My family had the good fortune to live fairly close to one of Pittsburgh, Pennsylvania amusement parks—West View Park. During the 1950’s, when I was an elementary school student, our annual school picnic was held at West View Park located in West View, Pennsylvania. How we looked forward to that special day spent at the park—riding the various rides, spending money in the penny arcade, eating hot dogs and cotton candy and wandering aimlessly around the midway with school friends. West View Park is no longer there. The grounds have been turned into a shopping center. Long gone is the park however, my memories of the Dips (that famous wooden roller coaster), the Racing Whippet, Kiddieland and the beautiful carousel are etched in my mind.
I digress....this blog is not about me, but my paternal grandparents, George Henry Hughes and Sarah Margaret VanGilder Hughes. They also lived near West View Park in Avalon, and then Bellevue, Pennsylvania. The amusement park was built in 1906. No one in the family knows if George and Sarah spent a Saturday afternoon strolling about West View Park. During the 1930’s and 1940’s there was a building in West View Park called the Dancing Pavilion. During the Great Depression and following, dancing was held everynight except Sunday. Charles J. Jacques, Jr., in his book, “Goodbye West View Park Goodbye,” explains that, “Dancing helped keep West View Park afloat during the Great Depression” and “West View Park started importing big name bands like Ted Fiorite, Tommy Tucker, Ace Brigode, Don Bestor and others.”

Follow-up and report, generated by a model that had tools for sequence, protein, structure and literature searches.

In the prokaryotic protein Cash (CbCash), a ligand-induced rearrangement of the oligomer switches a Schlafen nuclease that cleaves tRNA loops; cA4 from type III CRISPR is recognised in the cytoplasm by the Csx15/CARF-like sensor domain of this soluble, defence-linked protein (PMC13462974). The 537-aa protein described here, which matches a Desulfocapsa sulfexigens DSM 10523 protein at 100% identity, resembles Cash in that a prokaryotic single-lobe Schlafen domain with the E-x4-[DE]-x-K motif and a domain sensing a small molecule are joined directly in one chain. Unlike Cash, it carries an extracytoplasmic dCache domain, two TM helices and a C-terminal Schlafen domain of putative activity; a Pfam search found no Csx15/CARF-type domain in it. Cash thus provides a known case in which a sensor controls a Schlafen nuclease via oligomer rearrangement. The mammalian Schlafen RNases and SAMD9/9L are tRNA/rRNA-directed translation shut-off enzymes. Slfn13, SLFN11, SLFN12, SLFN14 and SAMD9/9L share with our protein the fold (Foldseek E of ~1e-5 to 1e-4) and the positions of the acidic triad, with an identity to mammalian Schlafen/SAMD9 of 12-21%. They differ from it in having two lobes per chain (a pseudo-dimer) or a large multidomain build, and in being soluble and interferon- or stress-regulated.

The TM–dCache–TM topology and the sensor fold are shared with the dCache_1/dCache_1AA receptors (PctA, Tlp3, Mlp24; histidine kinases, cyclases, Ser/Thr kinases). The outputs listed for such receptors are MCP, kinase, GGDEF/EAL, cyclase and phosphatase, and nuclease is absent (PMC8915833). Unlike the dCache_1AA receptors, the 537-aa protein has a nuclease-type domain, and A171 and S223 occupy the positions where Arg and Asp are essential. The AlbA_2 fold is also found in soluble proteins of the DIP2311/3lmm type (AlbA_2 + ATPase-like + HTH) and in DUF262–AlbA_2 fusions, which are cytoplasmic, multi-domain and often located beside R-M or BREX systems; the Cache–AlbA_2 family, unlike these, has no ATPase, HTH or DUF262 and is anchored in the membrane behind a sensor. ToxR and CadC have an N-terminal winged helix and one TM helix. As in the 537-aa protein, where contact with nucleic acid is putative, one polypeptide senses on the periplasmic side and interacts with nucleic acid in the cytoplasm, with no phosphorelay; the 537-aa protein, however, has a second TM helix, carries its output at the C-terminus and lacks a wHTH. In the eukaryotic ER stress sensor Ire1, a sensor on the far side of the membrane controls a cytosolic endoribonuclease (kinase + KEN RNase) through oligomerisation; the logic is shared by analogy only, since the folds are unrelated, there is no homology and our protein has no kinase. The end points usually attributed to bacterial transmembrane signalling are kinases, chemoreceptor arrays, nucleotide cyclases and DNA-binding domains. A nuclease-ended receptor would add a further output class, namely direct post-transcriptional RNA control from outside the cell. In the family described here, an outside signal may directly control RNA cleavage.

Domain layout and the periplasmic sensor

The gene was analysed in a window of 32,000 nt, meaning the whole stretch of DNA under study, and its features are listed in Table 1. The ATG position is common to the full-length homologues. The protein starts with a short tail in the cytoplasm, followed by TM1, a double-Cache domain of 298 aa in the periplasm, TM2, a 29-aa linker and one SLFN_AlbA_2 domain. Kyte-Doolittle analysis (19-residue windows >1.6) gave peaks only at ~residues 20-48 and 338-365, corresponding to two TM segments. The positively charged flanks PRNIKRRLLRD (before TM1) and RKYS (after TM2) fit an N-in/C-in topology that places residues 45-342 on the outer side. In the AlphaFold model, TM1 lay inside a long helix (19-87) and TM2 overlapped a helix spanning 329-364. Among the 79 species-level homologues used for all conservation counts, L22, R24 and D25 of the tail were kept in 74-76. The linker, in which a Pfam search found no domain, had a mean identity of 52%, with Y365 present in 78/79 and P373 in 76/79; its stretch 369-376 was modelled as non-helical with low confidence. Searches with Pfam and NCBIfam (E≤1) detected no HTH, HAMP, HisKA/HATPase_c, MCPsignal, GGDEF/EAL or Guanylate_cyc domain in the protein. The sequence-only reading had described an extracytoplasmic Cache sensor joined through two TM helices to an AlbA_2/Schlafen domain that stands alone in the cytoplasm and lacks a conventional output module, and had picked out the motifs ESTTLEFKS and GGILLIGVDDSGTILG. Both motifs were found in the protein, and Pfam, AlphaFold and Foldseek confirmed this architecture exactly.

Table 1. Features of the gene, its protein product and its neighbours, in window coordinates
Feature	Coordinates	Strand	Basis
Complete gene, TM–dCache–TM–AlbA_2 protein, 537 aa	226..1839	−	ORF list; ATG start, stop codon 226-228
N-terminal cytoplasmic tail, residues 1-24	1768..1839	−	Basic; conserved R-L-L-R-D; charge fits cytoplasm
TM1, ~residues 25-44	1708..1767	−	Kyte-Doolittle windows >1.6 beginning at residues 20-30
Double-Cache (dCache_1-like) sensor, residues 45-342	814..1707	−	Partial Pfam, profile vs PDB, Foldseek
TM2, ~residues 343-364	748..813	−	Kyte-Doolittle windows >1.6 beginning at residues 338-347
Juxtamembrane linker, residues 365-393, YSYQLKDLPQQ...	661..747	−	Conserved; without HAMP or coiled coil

My grandparents were dancers. According to my Aunt Faith, her folks (my Grams and Pop Pop) would go to Danceland, almost weekly. Often there were dance contests and Grams and Pop Pop would win a prize and occasionally it was first prize!
Dance must have been genetic as both my father and his sister, Faith loved to dance. Faith was given a full tuition scholarship to what was then called Carnegie Tech after her dance audition. She continued to teach dancing well into her 70’s. My brothers and I enjoy dancing although I’m certainly not in the prize category ;- )
Charles J. Jacques, Jr., “Goodbye West View Park Goodbye,” Amusement Park Journal, Jefferson, Ohio, 1985.